Yesterday, I went to join lots of other theatre companies and makers of work at the STAMP Connects event at Shoreditch Town Hall. For those who don’t know, STAMP stands for ‘supporting theatre artists & makers of performance’ and is a collection of arts organisations from Old Vic to Hackney Showrooms, all with an interest in finding better ways to help support emerging and mid career artists. It’s incredibly useful to companies such as ourselves to be able to meet venues all in one place and to get a handle on who might be a good fit for your work and interested in it. But it is like a taster session with each – you just get a sense of what each offers and is interested in, a signpost as to which is the best direction to take.
The most inspiring part of the day was a Q & A with Mike Shepherd. Mike has been AD of Kneehigh for over 35 years. During that time there have always been problems, money being the most obvious, but the state of play for emerging artists at the moment is probably one of the most difficult we have seen. Mike spoke with passion about what keeps him going. And the word was Passion. Pure and simple. Passion and rage. He has a passion which fires him up, which makes him make the work he wants to make. Early shows which are now part of Kneehigh’s great successes were panned by critics but audiences were thrilled and they went on to tour not just nationally but internationally. He spoke of the Red Shoes going to Aleppo and his own sadness when he recalls that place, now lying in ruins. He spoke of the peope he works with in Cornwall, not just theatre makers but inventors and farmers – the people who allowed their fields to be used for the asylum in its early days. And he spoke of the audiences. Those that came to hear the stories in the middle of the woods and those that waded through mud and stood in a storm to see out a show. He spoke of music and freedom.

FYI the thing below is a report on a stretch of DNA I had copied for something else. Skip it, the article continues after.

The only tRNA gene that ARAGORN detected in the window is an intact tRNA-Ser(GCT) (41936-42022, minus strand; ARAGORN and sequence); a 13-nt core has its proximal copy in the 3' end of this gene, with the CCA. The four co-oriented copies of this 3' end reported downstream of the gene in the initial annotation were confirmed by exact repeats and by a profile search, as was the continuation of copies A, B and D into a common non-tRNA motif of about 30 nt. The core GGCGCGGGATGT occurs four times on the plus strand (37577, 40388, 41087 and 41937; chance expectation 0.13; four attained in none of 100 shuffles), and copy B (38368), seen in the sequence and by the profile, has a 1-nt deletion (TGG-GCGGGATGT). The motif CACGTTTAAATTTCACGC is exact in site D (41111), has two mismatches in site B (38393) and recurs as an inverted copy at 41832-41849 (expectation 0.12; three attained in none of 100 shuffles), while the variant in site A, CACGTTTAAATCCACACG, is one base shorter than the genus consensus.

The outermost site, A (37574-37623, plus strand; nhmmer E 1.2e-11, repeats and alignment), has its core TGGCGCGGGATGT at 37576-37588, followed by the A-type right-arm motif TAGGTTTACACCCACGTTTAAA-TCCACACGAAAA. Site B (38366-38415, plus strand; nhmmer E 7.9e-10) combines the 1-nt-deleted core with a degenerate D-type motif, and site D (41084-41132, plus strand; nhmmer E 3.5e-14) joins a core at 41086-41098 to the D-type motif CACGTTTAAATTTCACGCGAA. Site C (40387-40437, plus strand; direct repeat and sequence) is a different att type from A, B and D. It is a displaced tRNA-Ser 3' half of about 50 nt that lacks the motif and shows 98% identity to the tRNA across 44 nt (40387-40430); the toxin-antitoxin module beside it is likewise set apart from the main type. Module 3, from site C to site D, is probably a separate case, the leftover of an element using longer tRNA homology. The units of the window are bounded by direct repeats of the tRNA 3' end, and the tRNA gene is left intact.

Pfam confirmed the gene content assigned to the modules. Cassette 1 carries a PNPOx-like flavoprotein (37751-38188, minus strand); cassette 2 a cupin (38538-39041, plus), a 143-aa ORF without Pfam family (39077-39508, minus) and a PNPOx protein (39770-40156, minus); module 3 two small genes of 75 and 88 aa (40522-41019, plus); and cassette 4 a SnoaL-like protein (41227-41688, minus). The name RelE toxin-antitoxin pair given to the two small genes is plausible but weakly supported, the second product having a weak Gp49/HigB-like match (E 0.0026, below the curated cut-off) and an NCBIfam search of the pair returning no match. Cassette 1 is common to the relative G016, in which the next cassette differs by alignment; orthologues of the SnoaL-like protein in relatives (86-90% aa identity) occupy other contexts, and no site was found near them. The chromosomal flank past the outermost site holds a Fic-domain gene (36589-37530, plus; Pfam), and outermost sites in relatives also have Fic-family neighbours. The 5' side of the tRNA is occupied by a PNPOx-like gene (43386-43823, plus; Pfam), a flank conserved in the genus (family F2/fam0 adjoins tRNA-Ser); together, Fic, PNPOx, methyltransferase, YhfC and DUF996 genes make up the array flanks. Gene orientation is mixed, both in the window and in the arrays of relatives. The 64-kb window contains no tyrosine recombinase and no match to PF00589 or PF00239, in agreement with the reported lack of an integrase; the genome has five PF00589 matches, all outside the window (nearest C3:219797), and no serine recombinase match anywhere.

Kneehigh are one of the very best theatre companies in the UK – probably the world. But they have become good by being uncompromising – they rehearse in barns on the edge of the sea, where the wind and the sky, and the hole in the roof, feeds them. They take their actors away from all outside distractions – who knows maybe even phones don’t work down there – just think! He is interested in the circumstances which allow creativity to thrive. And what a great manifesto that is. Wherever you are, what are the right circumstances for you to be creative?
We are about to start on developing the final stages of ‘Rufus Longbottom and the Space Rabbit’. It’s easy to be brought low by endless fundraising applications, endless rejections to those appeals, changes in staff in theatres that mean your long nurtured relationships go west. But what it comes down to is, if you want to make the work you believe in – then you need to put all that aside and get on with it. Circumstances for artists have rarely been easy and hardly any theatre companies or artists arise from nowhere – many have been toiling away getting good over time. Finding the circumstances in whatever way is possible to be creative. You can’t wait for them to be right, you have to make them right. Here’s to them, here’s to the next stage of our development and here’s to Mike Shepherd. Thank you STAMP for the opportunity to get reinspired.